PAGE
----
The American Civil War, like all wars, was a brutal one. More Americans died in it than in all the wars our country has been involved in from that time forward, up through the Korean War. That is hard to believe, isn’t it? All we have to do to confirm it is to consult the historical record. 623,000 American lives were lost in the war between the states. How does that make any sense, given the far greater destructiveness of the weapons used in the ensuing century with its rapidly evolving technology? The simple answer: infection. About half of the wounded died of infection whether or not having had surgery. The fact is that some untreated infections can become deadly in a very short period of time. These infections must be dealt with promptly in order to save lives.
This grisly retrospective look at the past can serve as a vivid analogy on a spiritual level presently. Time is of the essence in dealing with a particular spiritual pathogen. In Ephesians 4:26, the Apostle Paul said, “Be angry, and do not sin: do not let the sun go down on your wrath.” Is anger, in general, the spiritual pathogen we are highlighting here? No. From Christ’s own example in Mark 3:5, we know that there is such a thing as righteous anger. Christ’s anger arose from the hardness of the hearts of those who would rather see a man suffer than be healed miraculously. Essentially, to have righteous anger due to dishonor shown to God or wrong done to man is not sin.
The pathogen that needs to be destroyed is unrighteous anger. The thing is, something can start as righteous anger and quickly become sinful. Such an account is recorded in Psalms. “They angered Him also at the waters of strife, so that it went ill with Moses on account of them; Because they rebelled against His Spirit, so that he spoke rashly with his lips” (Psalm 106:32-33). God was righteously angry with Israel at the waters of Meribah, and it is very likely that was true of Moses initially. His anger could have been righteously directed at Israel’s faithlessness in God when in the face of trial. But as the people’s attitude worsened, so did that of Moses. Notice the attitude with which Moses spoke to Israel at the height of his, now, unrighteous anger. “And Moses and Aaron gathered the assembly together before the rock; and he said to them, “Hear now, you rebels! Must we bring water for you out of this rock?” (Numbers 20:10) Moses was now so angry that the thought of honoring God didn’t even come to mind when he spoke. His mind quickly becomes focused on himself instead. “Must WE bring water for you out of the rock?”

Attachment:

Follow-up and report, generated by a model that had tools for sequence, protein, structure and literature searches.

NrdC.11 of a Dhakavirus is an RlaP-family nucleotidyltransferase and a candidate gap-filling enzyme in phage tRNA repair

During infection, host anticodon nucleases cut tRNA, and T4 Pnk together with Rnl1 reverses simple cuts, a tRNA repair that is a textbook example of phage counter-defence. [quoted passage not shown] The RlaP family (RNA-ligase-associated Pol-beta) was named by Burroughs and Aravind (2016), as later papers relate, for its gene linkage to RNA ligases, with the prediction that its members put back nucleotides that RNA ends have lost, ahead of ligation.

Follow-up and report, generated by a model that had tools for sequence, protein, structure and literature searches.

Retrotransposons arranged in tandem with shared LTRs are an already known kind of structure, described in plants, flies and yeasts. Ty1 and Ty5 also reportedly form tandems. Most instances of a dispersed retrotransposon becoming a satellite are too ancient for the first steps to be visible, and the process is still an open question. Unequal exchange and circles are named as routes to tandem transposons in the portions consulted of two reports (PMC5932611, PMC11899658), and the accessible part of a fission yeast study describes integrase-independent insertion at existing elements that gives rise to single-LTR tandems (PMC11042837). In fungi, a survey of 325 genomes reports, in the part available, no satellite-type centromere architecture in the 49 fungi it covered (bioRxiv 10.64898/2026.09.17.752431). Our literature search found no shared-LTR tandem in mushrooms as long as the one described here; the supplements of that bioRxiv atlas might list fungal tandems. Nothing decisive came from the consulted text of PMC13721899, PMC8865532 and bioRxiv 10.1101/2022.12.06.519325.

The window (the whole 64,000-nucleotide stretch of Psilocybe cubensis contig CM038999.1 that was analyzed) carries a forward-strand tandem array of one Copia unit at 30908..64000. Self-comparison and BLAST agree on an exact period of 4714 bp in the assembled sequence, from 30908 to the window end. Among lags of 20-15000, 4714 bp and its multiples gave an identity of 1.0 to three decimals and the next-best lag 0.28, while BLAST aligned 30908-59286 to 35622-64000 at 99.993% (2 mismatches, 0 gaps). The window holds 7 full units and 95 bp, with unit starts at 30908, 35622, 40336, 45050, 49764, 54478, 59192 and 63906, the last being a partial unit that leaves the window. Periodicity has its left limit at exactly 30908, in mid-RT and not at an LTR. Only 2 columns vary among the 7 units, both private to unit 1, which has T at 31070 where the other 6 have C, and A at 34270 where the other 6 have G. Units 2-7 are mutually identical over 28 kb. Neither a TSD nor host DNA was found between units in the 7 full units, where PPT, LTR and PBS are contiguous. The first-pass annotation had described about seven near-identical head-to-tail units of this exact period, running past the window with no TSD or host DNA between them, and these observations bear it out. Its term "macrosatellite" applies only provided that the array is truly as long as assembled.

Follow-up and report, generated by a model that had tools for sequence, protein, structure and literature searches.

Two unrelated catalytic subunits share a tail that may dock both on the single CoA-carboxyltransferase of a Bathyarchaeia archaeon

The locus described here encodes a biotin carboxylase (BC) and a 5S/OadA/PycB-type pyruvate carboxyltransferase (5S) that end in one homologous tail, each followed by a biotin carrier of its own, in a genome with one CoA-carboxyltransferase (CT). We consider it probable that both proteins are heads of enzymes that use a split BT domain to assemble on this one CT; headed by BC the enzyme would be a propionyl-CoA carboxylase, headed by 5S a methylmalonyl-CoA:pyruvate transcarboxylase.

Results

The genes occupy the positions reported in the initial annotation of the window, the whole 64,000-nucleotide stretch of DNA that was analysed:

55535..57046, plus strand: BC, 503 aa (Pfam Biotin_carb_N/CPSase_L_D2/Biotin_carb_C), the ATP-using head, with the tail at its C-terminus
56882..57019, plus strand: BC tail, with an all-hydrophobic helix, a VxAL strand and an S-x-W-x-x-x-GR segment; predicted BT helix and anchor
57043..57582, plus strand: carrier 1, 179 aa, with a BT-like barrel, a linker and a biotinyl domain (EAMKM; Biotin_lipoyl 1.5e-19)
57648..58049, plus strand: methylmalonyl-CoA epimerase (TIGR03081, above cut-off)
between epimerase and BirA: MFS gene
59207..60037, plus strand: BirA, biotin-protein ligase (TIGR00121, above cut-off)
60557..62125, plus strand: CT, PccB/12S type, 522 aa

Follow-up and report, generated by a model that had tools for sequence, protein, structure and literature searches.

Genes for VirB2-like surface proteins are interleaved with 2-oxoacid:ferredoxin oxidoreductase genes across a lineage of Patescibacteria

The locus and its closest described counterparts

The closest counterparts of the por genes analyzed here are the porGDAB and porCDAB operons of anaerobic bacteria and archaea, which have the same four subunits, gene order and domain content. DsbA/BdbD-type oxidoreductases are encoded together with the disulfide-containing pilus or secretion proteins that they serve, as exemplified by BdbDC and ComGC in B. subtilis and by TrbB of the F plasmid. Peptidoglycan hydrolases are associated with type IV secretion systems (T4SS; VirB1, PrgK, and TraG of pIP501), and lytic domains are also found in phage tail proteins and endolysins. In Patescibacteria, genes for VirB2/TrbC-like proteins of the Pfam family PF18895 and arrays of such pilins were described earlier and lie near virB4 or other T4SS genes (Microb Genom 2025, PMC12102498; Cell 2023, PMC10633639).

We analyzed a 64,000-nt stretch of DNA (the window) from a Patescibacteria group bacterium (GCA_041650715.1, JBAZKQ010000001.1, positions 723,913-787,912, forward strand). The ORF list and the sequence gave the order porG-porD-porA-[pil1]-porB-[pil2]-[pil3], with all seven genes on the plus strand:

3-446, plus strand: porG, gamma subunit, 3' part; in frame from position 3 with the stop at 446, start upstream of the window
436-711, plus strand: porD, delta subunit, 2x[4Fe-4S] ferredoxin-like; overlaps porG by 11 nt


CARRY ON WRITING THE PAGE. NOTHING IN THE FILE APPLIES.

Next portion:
Like Moses, our anger can start righteously and then very easily become unrighteous. And when the infection sets in, it can very quickly take over. Paul makes it very clear in Ephesians 4:27 as to what it is that feeds lethal anger. He said, “nor give place to the devil.”
Unrighteous anger is fed by Satan’s influence – it gives him a place to work his work, a place to dwell in the mind. Moses was denied entrance to the promised land as a result. Even though Moses overcame this sin, he still paid a price on the physical level. The Apostle Paul, however, did not want anyone to fail at overcoming unrighteous anger and then have to pay at the spiritual level.
That is why we are not to let the sun go down on our wrath.